Ipswich: Hospital chief executive vows to employ more than 200 trainee nurses and healthcare assistants
06:00 15 August 2014
Hospital bosses have pledged to guarantee a job for every trainee nurse and healthcare assistant.
In a landmark first for Ipswich Hospital, chief executive Nick Hulme has vowed to employ more than 200 nurses and healthcare assistants currently in training roles, providing they pass their qualifications.
He said: “We have trained these student nurses and healthcare assistants and it seems absolutely the right thing to do to guarantee them a job when they pass their professional exams and show that they believe in our values.
“The three things I want this hospital to be renowned for are to be a place you would recommend for care, you would recommend to work at and a place you would recommend to train or learn.
“If people have chosen to train and learn here we should recognise this.
“I stopped to talk to a group of student nurses in the hospital earlier this week and they were anxious about jobs.
“It started me thinking that we should guarantee all of our nurses and healthcare assistants in training a role with us when they qualify.” Mr Hulme has promised that if nurses and healthcare assistants are not placed in the ward of their choice, they will be transferred there as soon as a vacancy arises.
He added: “Where there are roles which have many applicants, we will guarantee nurses in training a priority interview.
“We have a great partnership with the School of Nursing at University Campus Suffolk and I wanted to deepen and extend this.
“Our values, or promises to patients and colleagues, set out what anyone in the hospital can expect including a cheerful, friendly welcome, kind people who care about you, to be fully involved, to feel reassured and safe and that we deliver an organised and efficient service in skilled teams which are always improving.”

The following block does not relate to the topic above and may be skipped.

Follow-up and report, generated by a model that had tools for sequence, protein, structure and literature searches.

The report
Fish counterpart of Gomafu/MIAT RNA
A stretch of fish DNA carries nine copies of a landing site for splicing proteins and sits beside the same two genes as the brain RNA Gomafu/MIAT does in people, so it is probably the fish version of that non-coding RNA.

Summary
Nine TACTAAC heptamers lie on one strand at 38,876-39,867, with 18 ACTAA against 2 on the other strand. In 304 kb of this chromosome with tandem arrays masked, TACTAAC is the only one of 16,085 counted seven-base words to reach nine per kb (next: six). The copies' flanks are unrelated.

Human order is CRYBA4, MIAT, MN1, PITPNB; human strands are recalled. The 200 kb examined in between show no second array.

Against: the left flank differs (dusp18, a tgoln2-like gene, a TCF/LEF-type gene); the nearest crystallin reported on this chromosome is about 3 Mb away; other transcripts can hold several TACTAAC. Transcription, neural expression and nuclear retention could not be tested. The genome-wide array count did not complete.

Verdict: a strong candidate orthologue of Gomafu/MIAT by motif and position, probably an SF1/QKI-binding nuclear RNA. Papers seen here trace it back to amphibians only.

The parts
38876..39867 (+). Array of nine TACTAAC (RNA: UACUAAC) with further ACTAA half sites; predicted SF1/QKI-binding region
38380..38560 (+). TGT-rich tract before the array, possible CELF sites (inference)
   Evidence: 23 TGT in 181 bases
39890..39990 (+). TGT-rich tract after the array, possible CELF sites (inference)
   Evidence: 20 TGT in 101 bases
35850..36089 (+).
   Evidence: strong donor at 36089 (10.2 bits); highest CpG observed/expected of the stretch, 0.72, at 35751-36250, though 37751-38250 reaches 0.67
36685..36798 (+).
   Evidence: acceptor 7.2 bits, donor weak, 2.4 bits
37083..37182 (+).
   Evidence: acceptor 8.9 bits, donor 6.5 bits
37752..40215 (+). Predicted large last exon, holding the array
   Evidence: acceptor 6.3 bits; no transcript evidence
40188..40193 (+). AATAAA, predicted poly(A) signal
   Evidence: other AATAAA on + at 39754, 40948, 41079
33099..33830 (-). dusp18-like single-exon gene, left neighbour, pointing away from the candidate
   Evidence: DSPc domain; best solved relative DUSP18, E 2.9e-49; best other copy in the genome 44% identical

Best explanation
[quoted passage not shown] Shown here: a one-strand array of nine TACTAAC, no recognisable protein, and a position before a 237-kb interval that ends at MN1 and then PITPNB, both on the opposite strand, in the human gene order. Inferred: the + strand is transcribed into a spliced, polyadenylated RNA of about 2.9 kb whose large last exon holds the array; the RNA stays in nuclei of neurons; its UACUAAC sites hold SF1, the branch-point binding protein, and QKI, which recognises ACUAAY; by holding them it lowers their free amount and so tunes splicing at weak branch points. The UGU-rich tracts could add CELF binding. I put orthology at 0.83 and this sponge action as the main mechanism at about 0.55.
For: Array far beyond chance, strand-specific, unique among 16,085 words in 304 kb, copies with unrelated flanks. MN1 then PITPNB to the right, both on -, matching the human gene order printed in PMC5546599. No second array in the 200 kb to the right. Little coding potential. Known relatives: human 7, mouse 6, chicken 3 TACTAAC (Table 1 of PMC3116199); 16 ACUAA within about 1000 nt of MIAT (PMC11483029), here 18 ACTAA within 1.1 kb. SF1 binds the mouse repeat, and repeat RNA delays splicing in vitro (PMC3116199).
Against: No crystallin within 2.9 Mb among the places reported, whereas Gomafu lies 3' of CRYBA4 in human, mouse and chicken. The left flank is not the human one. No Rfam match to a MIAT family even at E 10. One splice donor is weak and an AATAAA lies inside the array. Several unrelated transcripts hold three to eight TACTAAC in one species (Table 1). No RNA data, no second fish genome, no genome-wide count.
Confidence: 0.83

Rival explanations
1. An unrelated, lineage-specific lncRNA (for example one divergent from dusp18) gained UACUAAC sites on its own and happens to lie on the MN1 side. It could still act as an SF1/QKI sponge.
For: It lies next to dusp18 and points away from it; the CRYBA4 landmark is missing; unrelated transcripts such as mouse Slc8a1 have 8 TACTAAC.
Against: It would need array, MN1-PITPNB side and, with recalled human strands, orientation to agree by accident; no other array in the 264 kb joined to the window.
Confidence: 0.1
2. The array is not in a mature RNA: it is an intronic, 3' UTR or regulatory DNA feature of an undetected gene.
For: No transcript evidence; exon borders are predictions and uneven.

The Heath Road hospital has increased the numbers of nursing and healthcare assistants in recent months following a review of the numbers of staff and the dependency of patients on each ward.
It will also help limit the cost of agency staff while ensuring patients are satisfied with their quality of care.
Dr Lynne Wigens, director of nursing and quality, said: “We have had much success in recruiting newly qualified staff to work in the hospital, our research shows that the support we put in place such as ‘buddies’ or mentors really help new nurses and healthcare assistants as they take up their first roles.
“I am really pleased that we are able to make this commitment of a guaranteed job to nurses and healthcare assistants in training. Some of our most senior nurses in the hospital began their careers as health care assistants and were encouraged to do their nurse training and progress. Every year we encourage all staff to think about their own progression and how we can support that”.